Wednesday, January 18, 2012

The Many Ways Faith Can Be Couched

January is a great month, not only because it is symbolic of new beginnings, but also because not much goes on during these 31 days, making it a perfect time to regroup in our faith.

Over the last few months, I’ve had the opportunity to be exposed to many different perspectives and claims to faith. I’ve noticed there are many ways people couch their faith, myself included. In fact, as my husband and I have been undergoing God’s winnowing process this past year, I’m seeing more clearly how much other stuff I did, and still do, instead of faith.

So I came up with a cursory list of some of the ways I, and others, fool ourselves into thinking we are walking with God when, in reality, we aren’t (or at least not in full): These are some of the entities in which faith can be couched:

Social Justice




Three-times a week church attendance

Bible studies

Service activities

Are the above categories bad? No, not necessarily. I think we all understand how anything can be insincere from a faith perspective when it replaces a reliance on God and obedience to His leading. We must keep aware that the love of knowledge, manmade traditions and works contains the risk of us falling out of God’s will.

So, for the above entities (and any others you can think of) we can test our motivations and actions by asking some questions (I wish I would have been asking myself these years ago):

*Do we think Jesus is like us instead of having the perspective that we are to be like Jesus? (Psalm 50:21; John 3:30, 1 Peter 1:15-16)

*Do seminary, Christian college or other classes take place in lieu of an intentional living out of our faith and a sincere desire to allow God to eradicate revealed sin in our life? Do we read His Word daily for our personal walk, in addition to any formal class readings? Do we think that, because we are in formal Christian training, our class readings and assignments make us spiritual, and we can “check out” from a personal relationship with God for a while?

Also, if our study of theology and the Bible is more about what other people argue about God, to the point that we are losing sight of who God says He is in His word, and if our goal is to deconstruct the Bible on one hand while thinking we can continue to live a Biblically-based life of faith on the other, we are in danger of double-mindedness. Something will have to give. The Bible says we cannot serve two masters…..(James 1:5-8, 12, Matthew 5:37; Luke 16:13, Matthew 6:24)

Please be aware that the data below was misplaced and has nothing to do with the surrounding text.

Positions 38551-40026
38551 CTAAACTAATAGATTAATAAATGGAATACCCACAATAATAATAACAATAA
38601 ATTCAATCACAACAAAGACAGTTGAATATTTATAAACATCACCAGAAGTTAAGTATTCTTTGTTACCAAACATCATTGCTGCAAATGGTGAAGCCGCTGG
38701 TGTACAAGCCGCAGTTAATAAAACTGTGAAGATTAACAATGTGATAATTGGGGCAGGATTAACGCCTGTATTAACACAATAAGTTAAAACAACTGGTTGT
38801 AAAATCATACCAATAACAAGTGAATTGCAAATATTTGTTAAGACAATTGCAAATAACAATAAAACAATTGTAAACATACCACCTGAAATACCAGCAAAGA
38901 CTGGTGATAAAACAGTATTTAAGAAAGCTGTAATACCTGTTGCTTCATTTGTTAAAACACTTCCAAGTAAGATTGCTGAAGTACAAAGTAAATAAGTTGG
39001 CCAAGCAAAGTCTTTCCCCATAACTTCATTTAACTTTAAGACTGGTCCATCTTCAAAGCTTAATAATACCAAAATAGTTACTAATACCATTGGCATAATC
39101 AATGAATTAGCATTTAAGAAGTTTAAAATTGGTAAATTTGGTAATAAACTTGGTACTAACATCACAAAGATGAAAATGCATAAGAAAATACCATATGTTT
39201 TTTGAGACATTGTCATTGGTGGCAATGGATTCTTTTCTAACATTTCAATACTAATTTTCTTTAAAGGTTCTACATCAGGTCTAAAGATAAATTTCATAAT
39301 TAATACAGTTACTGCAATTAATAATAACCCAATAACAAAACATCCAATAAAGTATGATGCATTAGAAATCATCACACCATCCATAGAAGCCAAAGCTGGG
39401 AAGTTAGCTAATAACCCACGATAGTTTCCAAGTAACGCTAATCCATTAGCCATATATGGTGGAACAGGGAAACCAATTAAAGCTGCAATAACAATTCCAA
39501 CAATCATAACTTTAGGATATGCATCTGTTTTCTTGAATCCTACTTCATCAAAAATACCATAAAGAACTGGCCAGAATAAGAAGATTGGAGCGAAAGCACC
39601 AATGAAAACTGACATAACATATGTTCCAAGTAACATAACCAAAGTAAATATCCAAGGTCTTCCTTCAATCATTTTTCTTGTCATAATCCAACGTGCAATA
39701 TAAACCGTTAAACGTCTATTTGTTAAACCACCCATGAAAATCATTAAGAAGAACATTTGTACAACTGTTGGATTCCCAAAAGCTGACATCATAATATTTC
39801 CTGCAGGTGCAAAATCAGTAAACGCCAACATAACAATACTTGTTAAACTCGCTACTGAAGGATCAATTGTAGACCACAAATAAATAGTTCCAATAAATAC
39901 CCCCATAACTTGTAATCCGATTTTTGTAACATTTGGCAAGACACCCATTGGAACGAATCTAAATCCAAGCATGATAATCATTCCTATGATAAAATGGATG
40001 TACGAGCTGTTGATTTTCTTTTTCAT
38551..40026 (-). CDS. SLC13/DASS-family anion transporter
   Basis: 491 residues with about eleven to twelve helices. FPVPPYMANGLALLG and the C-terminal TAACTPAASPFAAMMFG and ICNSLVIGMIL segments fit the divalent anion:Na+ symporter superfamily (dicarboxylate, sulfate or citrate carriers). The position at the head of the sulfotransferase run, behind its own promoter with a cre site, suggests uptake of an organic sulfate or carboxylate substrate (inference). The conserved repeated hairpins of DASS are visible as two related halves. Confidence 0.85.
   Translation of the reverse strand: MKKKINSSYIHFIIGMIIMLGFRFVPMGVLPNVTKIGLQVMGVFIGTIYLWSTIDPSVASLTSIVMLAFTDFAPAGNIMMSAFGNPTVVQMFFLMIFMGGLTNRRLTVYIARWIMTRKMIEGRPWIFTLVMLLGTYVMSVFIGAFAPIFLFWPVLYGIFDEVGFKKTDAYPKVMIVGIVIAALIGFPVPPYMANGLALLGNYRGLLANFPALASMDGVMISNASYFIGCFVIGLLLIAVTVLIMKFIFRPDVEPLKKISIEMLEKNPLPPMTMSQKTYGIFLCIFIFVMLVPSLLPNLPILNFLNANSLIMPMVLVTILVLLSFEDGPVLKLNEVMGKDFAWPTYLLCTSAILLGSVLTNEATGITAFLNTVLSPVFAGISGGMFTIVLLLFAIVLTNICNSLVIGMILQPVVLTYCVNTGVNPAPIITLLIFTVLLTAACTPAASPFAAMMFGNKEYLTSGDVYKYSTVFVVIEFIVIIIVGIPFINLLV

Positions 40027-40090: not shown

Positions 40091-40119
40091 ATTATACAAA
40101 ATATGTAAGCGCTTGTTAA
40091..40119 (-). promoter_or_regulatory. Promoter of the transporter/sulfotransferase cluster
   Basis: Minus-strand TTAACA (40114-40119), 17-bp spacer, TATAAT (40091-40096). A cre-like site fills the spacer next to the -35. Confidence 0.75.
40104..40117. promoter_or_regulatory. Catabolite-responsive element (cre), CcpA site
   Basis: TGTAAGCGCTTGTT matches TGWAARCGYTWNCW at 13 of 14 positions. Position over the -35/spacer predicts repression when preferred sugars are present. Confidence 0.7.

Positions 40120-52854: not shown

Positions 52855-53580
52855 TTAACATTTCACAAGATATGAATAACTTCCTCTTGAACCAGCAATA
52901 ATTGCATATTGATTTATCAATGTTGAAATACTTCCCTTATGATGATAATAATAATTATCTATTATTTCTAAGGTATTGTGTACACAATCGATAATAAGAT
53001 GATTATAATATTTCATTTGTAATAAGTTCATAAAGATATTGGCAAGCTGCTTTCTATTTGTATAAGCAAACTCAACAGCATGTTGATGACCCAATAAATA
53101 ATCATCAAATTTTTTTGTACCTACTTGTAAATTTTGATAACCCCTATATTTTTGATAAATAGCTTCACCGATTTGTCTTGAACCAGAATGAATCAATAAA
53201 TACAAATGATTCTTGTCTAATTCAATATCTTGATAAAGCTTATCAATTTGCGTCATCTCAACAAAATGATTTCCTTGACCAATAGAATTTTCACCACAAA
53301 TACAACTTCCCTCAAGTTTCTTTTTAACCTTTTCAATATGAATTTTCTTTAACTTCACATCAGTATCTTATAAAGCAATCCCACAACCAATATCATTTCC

*Are we reading books, even those by “Christian” authors, instead of daily Bible reading (again, thinking that since we’re at least reading a “Christian” author, we’re being spiritual)?

*Do we attend public and church prayer meetings but neglect daily family and private prayer at home?

*Do we believe our three-times-a-week church attendance has us covered, and we’re good to go? The time and effort we take to dress, gather the family, drive to church and be on time: does that translate the rest of the week into intentionally living out our faith with our families? Do we “show up” every morning with God? Are we on time Monday, Tuesday, Thursday, Friday and Saturday with God as we are on Sunday mornings, evenings and Wednesday nights? Are we as committed to living faith outside of church as we are three times a week in church?

*Do we spend as much time with God in His Word and prayer and just listening for Him as we do in active service? And vice versa? Just as faith without works is dead, works without faith is dead too (James 2:14-26; Luke 10:38-42).

*Do we go to Bible study, not having prepared or done the work, nor practiced it during the week--But hey, at least we’re showing up for Bible study?

*Do we involve ourselves, mostly via conversations and handwringing, in politics and social justice, but don’t give these things sincerely to God in daily prayer, or seek how He might personally involve us in actually doing something instead of just getting verbally fired up? If we claim social justice as our cause, but aren’t actually allowing God to address specific issues through us and through our persistent prayer, then we are merely social justice posers. On another note, both social justice and politics run the risk of being our religion.

*Do we let our philosophy of God and the Bible, and how we think He and the Bible should be, affect our theology? Has philosophy replaced, misconstrued or blocked Biblical faith?

Many of you reading this are consistently in God’s will, living daily for Him, and sincerely seeking His guidance and His Word. I mean to encourage as well as pose questions that may help me and others get more in line with God. So “thank you” to those of you who are walking the talk!

I ask these questions not for admonishment but for the purpose of raising the bar for those of us who want to progress, grow and allow God to bear fruit in and through us. These are questions we can each sincerely consider as we seek the brutal truth regarding our own selves, as well as our attitude toward God and others. Because if we truly desire to be in His will, these questions won’t scare or offend us--they’ll motivate us. And we can ask the Holy Spirit to help us arrive at honest answers.

I have been and continue to be convicted in my answers to many of the above tests at one time or another, and need to re-take these tests often. God desires right motivation in us, and only He knows our hearts. So as this year unfolds, we can commit to submitting to God in order for Him to put a right heart, spirit and motivation within us so that we’re walking His path, His way, and not our path, our way.

“Create in me a pure heart, O God, and renew a steadfast spirit within me.” Psalm 51:10

“Restore to me the joy of your salvation and grant me a willing spirit, to sustain me.” Psalm 51:12

No comments: